Step-by-Step Guide to Finding your Ideal Buyer Persona

Blog The Orange Box
By: Haydeé Ferrufino

Can you imagine a world where you would only need to open the door of your business or launch your new website so a wild hard of people call you and purchase your service or product without saying a thing? Well, I sure couldn’t! But here’s the deal…

Since Inbound Marketing emerged, more and more B2B companies have experienced a quite similar feeling by applying lead generation best practices.

The truth is you might be struggling to grow your company or wonder why is it that you have lots of prospects arriving but not actually purchasing your product or service.

With this article you’ll learn why is important to have a clear view of your ideal client, the benefits of applying technique to your company and how to create your first ideal consumer profile to grow your business.


  1. Define who you are
  2. Pick who you’ll like to do business with
  3. Conduct interviews to only your best clients
  4. Wrap up and create your ideal buyer persona profile
  5. Bonus tip: use the magic of data!


Developing your Ideal Customer Profile in 4 Simple Steps

Unlike what you might have think when you first started reading this article, we can’t start “assuming” who your Buyer Persona most look like or who your client should be. To lie a strong foundation you have to thinking from the inside out as detailed in the 4 easy following steps:


1. Define Who you Are




This step might sound simple, but most of our client struggle identifying exactly what makes them unique. We help our clients overcome this process from the get-go, to make sure you work their content strategy around what makes them unique, to help them stand out.

You’ll need to bring on board your marketing and sales manager if you are a VP or CEO or the other way around. You need to make sure you can brainstorm with your team what makes you really unique and review your current positioning to make sure you are being clear enough explaining who you are and why you do what you do.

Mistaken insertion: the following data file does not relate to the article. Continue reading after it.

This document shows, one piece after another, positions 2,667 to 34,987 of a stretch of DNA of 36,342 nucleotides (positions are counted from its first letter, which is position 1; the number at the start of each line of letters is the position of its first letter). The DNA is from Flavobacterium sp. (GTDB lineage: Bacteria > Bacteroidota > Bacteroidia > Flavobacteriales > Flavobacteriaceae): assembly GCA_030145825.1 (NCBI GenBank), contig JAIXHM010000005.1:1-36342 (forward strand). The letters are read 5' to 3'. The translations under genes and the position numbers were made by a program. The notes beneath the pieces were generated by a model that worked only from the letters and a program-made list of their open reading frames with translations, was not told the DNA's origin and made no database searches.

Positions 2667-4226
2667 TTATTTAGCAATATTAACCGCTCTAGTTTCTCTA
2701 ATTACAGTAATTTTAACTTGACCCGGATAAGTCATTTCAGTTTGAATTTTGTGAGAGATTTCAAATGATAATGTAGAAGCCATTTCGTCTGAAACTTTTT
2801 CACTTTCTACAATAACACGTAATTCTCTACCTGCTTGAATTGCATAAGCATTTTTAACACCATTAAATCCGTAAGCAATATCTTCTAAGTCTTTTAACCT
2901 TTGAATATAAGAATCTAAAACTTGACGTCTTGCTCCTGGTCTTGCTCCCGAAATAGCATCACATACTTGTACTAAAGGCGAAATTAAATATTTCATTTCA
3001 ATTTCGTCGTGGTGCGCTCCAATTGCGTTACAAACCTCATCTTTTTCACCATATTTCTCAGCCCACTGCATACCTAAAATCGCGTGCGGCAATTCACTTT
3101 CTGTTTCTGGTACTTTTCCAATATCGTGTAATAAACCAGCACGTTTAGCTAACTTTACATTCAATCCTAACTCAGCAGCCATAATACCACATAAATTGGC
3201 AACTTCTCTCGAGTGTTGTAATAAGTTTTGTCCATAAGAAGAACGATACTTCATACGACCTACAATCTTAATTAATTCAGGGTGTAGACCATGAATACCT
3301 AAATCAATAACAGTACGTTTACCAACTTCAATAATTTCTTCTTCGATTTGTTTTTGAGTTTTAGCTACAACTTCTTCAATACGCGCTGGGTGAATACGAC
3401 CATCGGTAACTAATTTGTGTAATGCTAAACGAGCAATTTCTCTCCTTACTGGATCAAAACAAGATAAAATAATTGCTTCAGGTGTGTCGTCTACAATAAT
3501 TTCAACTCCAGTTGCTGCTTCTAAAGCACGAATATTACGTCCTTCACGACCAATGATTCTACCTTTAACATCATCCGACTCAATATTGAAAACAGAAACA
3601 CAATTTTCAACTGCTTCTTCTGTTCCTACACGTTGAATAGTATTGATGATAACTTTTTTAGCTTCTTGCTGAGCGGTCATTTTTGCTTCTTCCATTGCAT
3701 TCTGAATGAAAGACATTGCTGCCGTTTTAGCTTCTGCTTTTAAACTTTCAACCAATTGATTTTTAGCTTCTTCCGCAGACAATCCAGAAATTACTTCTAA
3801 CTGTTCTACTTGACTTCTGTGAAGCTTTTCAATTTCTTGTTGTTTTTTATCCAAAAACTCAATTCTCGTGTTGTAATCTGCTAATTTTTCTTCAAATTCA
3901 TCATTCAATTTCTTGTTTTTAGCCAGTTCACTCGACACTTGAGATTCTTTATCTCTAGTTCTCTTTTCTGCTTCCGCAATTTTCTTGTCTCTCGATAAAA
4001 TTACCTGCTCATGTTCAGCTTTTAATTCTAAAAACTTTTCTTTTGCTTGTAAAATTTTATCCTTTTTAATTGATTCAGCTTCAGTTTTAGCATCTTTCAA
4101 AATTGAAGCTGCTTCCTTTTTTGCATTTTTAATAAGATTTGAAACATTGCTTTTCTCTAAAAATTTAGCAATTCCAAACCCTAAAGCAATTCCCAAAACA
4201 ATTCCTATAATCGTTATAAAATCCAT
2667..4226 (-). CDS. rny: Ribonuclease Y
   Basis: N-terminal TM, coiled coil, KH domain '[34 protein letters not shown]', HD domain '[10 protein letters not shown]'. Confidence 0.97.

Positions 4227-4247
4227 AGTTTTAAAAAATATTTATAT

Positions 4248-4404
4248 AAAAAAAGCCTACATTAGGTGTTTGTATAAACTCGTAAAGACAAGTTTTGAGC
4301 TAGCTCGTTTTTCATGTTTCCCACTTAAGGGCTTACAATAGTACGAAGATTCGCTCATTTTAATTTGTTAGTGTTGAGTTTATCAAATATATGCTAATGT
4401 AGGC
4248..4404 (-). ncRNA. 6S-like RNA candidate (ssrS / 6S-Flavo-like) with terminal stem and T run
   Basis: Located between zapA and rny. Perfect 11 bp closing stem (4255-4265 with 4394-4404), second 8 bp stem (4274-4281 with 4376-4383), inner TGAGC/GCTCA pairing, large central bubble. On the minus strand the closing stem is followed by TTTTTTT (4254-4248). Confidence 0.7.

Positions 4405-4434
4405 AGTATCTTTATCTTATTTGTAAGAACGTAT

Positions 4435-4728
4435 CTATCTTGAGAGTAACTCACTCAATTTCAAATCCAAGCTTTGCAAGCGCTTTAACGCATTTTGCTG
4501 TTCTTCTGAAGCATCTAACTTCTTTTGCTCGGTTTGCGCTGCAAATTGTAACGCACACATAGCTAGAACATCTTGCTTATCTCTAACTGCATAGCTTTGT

2. Pick Who you’ll Like to do Business With


Pick Who you’ll Like to do Business With


Your ideal client profile should be based on well done research and interviews to your current Buyer Personas to gather the information you’ll be to get this project going.

To make sure we only get the best fruits on the tree you’ll have to separate good clients from bad clients, this will help you create both: Ideal Buyer Persona Profiles and Negative Buyer Persona Profiles.

Both type of profiles are helpful to assist your sales team on who to pay attention to and who to disregard in order for them to save time and effort only in the high-quality prospects.

To identify your good Buyer Persona you’ll want to make yourself the following questions:

  • Which are your most profitable accounts?
  • Which clients signed on with your company within or below the normal sales cycle range?
  • Do you enjoy working with these clients?
  • Does the client pay within your acceptable collection period?
  • Is the work fulfilling?
  • Does the client provide positive and constructive feedback?
  • Did the client provide any referral to your company or publicly provided a great testimonial of your product or service?
  • Does the client engage with your brand beyond expected?
  • Have the client experienced great results with the services or products provided by your company?


3. Conduct Interviews to only your Best Clients

 Conduct Meetings to define your Ideal Buyer Persona


Once you have the best clients separated from the bad ones, make sure to create an easy to understand and detailed interview, make sure you make the interview about them, not about your product or service and please don’t make this a “Buyer Persona satisfaction survey” we are looking for the nitty-gritty of what drives them and how to connect with them or you can also download our free guide with useful templates to get started today.

Here are some great questions you should include: